Miles, Mountains, and Moonshine: Ride Between The Rivers Part 2

(In case you missed it, here's Part 1 of my introduction to the world of endurance.)
Photo by Becky Pearman, used with permission.
Ride Between the Rivers race day dawned cool and overcast. The forecast was calling for warm temperatures and sticky humidity. I had come to the West Virginia mountains from the oppressive summer heat of DC for this race and thought this "warm weather" was rather cool; however, the horses and Liz clearly did not agree.

Liz began talking hydration and electrolyte strategy, emphasizing to me how important it would be to ensure the horses drank enough on the trail. She had mixed up her electrolytes for all the horses in our group the night before, and she set about ensuring everyone was all set for the day. Afterwards, we wandered over to the race start to watch the 50 mile race kick off.
The 50 mile race started with much more action than ours! Cameo by Dom, who's ride recap can be found here.
Photo by Dom's Mike, via Facebook.
Liz made sure to tell those of us watching the 50 kick off that our start would be much less exciting. She stressed that we were going to try to walk out of camp, avoiding exciting the new horses and riders too much. With that information under our belts, we wandered off to get dressed and tacked up for the start of our 30 mile race.
All dressed up with places to go!
Photo by Nicole.
I'd stressed over what to wear for this ride for a month, finally deciding on a pair of old full seat Kerrits and my half chaps and paddock boots with a Kastel Denmark shirt. Unfortunately, my full seats were still soaked and sandy from my unceremonious dismount the day before. Liz came to the rescue with a pair of ridiculous orange and blue tights. To my inner dressage queen's delight, they perfectly matched Q's tack and my lavender Kastel shirt. While annoyed at the lack of belt, I jumped at the chance to look like a real endurance rider in my crazy tights.
Pretty mare in her bright orange!
Photo by me.
Q was decked out in her Ansur treeless saddle, that Liz had graciously covered with sheepskin for my non-endurance hardened backside, and bright orange synthetic tack. She wears a crupper. Putting that on gave me flashbacks to my early childhood, where the fat ponies would often go in a crupper to keep the saddle in the right place.

Once everyone was ready, our group of eight gathered together and headed toward the start...
Left to right: Lauren on Shiloh, Me on Q, Liz on Griffin, Charlie on Dakota, Dan on Butch, Jess on Lilly, Carlos on Gracie, and Orion on Nell.
Photo by Nicole.
We were going to be riding this 30 mile race as a large group. This isn't the normal way endurance riders will ride a race. Because we had several combinations of veterans with newbies (Shiloh and Q being extremely experienced veteran horses with newbie riders, and the rest being a combo of experience levels), we were going to try to keep together as long as possible to ensure as many riders had a chance to finish as possible.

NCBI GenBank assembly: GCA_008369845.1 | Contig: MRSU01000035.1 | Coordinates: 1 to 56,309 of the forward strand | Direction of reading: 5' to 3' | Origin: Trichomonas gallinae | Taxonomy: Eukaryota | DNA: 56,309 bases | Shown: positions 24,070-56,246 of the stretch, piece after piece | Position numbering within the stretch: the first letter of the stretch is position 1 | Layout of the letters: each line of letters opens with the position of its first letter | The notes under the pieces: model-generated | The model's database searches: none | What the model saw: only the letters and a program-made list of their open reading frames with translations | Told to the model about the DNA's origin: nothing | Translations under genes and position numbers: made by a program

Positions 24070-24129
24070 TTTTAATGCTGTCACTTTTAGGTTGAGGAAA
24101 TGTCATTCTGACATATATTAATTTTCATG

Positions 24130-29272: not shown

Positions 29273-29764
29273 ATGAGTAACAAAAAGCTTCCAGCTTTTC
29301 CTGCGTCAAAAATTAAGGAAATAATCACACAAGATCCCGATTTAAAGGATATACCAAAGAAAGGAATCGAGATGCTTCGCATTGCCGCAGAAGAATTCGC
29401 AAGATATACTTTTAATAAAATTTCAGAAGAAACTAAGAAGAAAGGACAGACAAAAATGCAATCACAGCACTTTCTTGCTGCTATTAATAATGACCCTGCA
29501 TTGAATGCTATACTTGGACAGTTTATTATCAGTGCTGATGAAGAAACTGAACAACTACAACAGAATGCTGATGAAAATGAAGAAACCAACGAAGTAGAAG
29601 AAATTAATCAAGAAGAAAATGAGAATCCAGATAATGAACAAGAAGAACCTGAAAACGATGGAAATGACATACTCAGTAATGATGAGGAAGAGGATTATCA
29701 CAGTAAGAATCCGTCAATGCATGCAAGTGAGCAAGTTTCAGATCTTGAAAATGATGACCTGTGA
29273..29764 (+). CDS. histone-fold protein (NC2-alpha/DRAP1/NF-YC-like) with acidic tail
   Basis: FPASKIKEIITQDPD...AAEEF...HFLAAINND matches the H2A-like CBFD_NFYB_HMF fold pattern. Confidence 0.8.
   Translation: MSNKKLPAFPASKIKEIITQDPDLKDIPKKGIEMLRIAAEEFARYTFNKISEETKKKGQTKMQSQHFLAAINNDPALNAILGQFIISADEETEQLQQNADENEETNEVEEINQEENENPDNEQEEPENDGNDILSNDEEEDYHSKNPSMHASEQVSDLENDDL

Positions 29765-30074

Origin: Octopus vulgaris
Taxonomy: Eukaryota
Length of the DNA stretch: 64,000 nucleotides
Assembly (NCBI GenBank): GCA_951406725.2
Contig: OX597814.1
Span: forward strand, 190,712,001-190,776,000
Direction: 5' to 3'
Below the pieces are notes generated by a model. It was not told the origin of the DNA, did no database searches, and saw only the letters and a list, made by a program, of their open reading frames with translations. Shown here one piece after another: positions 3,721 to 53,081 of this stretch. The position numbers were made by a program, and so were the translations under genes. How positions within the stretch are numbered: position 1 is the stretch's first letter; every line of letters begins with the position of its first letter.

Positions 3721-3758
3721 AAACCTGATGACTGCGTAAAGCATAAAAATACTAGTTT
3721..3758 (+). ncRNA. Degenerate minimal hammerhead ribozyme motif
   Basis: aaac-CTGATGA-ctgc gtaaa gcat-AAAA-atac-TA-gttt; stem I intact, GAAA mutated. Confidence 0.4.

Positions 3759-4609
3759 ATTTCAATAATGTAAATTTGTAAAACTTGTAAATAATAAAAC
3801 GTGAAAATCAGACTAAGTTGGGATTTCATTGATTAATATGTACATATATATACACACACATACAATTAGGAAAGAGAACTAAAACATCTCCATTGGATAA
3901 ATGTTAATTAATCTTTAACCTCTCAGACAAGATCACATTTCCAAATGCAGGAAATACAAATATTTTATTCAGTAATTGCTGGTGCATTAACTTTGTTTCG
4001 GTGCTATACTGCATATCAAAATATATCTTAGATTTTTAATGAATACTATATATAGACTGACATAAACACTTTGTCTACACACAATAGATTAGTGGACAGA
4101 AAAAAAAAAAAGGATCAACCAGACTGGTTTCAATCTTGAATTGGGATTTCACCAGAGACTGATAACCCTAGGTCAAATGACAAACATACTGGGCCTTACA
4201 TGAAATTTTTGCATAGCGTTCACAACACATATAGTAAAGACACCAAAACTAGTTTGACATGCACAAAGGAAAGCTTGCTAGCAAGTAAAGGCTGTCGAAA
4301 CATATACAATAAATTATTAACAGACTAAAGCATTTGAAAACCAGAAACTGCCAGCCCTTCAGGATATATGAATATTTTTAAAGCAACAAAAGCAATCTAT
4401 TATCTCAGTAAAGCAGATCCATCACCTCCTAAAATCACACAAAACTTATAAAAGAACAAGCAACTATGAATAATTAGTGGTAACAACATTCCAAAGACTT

As Liz had requested, we kept the departure from camp quite low key. The whole group chatted and laughed as we strolled out onto the trail at a leisurely walk.
Jess and Carlos leading the way out of camp on our first loop.
Photo by Dom's Mike, via Facebook.
Our 30 miler was made up of two loops. Our first loop was 15 miles, with one big steady climb, a steep downhill, and four river crossings. After this loop, we returned to camp for our first vet check and 45 minute hold. Following the hold, we headed out on the second loop a much more difficult 17 mile trail. Much of the second loop was very rocky, narrow, and steep, where we climbed to the top of the mountain. We only crossed the river twice at the very end. This made it harder to keep the horses cool and hydrated.
Continuing out of camp on our way to the start of the first loop.
Photo by Dom's Mike, via Facebook.
The start of our first loop was pretty easy going. We did a little trotting and a little walking. I spent the first half of the loop getting to know Q a little better. She's an amazing horse with a massive trot stride and incredibly smooth gaits. While she is a very agile little horse, she lacks the maneuverability of my dressage horse. I fiddled with her a little, playing with bend and balance changes. With so many miles left to go, I didn't want to wear her out or change her way of going. Instead, I settled for giving Liz a running commentary of the things I was trying on Q. Giving Liz this feedback started her thinking about some chronic weaknesses Q has demonstrated in the past. I love how dressage work helps us pinpoint issues with horses!
The group looking fresh on the main road section of the first loop.
Photo by Liz.
We quickly came to our first river crossing, where the professional photographer was waiting for us. Liz suggested trying to canter through the water, but Q was having none of that suggestion. Instead, we ended up trotting through while I giggled uncontrollably. It was so much fun!
Note the giggling like an idiot.
Photo by Becky Pearman, used with permission